What was also great to watch was how people change their perspective. At one point it was manifested how the world leered at James when he was defending Abel, but then at a later stage when he saves two Americans, all that hatred ends up metamorphosing into sheer love.

Mark Rylance is outstanding as Rudolf Abel. At times his expressionless face belies his indifference towards the political muck he ends up in. Even when he is aware of an imminent danger, serenity rarely leaves him. He carries his knack for painting and wears it even at direst moments. For example, he calmly answers, “Would it help?” when asked “Are you not worried?” One of the most brilliant scenes in the movie is when Abel compares Donovan to ‘The Standing Man’ in his story. The music grows suddenly and imparts extra gravity to the bit.

It is always a delight to watch Tom Hanks act. His face carries the right kind of emotions. Always lost in thought, he makes Bridge of Spies a dramatic hoot. There are top-notch dramatic frames that Spielberg slides in for emphasis. Like the one where Donovan’s son gets influenced by a war video, and fills up his tub with water for safety. It is a sad reflection of how war changes everything. Also, at one point Donovan had the misfortune of witnessing people being fired at whilst trying to sneak through the border. At a later stage, James sees children leaping over fences, which reminds him of the same troubled scene which then again throws him into the pits of gloom.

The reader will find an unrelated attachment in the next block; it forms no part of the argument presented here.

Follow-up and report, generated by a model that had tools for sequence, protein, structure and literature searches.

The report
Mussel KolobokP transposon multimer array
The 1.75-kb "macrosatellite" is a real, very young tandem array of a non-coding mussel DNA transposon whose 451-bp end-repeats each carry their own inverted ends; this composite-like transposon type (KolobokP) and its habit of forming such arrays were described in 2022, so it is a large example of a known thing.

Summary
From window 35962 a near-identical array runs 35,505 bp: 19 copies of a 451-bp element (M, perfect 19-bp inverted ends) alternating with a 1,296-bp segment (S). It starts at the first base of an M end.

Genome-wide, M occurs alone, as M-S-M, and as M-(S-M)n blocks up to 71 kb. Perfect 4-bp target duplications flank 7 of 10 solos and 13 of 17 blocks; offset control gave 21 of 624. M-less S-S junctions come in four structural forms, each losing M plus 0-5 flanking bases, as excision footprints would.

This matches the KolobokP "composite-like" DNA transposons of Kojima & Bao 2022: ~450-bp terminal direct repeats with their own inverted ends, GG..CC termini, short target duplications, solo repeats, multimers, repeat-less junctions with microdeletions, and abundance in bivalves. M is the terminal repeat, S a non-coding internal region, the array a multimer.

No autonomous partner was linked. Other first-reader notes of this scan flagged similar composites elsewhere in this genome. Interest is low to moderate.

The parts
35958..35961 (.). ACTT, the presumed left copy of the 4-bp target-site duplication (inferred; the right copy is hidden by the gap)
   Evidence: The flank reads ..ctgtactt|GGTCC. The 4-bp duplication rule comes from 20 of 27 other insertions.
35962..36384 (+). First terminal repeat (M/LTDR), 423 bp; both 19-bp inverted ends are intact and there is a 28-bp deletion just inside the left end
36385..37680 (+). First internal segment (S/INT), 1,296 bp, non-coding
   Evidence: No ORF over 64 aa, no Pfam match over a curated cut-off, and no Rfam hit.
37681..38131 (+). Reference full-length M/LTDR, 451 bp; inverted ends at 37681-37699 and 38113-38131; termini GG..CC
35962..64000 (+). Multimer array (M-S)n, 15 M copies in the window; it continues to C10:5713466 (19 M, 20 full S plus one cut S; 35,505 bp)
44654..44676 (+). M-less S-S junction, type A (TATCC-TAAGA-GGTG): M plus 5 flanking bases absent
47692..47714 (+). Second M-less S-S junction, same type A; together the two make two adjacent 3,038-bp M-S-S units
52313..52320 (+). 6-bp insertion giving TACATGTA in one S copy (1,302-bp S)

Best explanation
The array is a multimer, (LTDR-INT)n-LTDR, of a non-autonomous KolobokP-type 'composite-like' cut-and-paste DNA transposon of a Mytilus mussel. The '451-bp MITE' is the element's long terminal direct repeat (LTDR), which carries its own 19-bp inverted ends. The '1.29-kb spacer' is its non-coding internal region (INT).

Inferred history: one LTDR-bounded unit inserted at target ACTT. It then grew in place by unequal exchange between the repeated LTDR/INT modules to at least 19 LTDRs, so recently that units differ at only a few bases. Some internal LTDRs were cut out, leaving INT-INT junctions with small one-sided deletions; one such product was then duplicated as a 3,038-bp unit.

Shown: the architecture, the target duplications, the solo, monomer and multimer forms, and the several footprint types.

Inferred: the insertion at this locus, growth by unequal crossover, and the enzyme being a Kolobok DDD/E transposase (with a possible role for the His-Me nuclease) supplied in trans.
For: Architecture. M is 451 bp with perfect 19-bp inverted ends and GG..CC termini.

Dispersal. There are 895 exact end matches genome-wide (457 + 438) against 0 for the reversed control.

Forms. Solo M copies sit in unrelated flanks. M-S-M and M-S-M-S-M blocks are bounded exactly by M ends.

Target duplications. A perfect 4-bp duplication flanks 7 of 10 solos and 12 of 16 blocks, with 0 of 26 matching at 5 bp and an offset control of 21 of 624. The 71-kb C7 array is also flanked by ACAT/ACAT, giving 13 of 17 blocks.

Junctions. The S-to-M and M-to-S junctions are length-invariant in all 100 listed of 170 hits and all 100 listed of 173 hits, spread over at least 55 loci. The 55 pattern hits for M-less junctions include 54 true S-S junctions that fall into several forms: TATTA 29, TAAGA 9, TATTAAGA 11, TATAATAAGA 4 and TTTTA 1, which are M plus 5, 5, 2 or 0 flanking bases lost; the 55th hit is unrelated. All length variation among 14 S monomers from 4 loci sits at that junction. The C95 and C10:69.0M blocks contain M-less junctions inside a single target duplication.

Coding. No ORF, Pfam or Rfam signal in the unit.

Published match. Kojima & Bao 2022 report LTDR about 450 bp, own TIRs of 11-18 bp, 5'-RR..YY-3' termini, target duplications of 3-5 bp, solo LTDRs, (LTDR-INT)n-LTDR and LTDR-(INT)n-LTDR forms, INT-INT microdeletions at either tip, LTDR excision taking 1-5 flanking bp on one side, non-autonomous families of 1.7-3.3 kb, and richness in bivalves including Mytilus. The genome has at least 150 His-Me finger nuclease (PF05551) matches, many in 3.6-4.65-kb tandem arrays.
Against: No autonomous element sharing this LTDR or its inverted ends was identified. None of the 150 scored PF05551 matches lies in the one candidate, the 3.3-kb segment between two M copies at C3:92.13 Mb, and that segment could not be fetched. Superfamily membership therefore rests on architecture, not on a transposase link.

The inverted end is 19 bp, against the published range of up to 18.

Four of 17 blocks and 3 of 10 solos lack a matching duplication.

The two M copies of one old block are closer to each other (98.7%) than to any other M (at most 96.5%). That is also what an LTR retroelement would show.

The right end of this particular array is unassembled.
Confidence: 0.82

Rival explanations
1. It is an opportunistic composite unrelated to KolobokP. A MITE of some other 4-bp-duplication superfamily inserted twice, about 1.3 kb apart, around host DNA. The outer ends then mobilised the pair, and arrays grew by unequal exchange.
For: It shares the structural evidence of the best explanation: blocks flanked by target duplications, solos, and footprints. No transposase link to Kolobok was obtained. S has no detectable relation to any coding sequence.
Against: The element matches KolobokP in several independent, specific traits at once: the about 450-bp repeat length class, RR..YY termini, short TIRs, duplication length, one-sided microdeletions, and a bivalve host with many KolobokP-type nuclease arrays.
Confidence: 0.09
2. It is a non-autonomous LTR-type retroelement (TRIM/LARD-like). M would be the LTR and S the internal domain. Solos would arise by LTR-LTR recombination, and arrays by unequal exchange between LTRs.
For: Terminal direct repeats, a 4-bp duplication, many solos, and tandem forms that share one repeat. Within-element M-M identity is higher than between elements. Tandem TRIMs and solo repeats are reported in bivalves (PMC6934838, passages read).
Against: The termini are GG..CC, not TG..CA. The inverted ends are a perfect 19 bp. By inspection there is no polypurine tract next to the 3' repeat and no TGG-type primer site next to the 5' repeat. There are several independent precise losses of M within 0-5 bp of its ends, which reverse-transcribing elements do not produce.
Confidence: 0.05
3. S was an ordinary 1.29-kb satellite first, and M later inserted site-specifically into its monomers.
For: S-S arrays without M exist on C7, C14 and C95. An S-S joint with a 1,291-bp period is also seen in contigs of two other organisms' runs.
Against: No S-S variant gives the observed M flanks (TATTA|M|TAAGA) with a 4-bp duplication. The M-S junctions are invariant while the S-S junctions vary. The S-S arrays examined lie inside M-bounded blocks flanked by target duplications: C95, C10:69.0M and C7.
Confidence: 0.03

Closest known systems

What is a tad sad is how long the movie runs. The movie could have survived some cuts. There are frames that we could have lived without. However, it is comprehensible and justified to show crucial bits of the horror and mental torture Donovan had to go through in order to get the job done. When he returns home in the end, he dozes off at once owing to exhaustion whilst in the backdrop his family gets to know his greatness. Quite endearing to watch actually!

A highly recommended movie.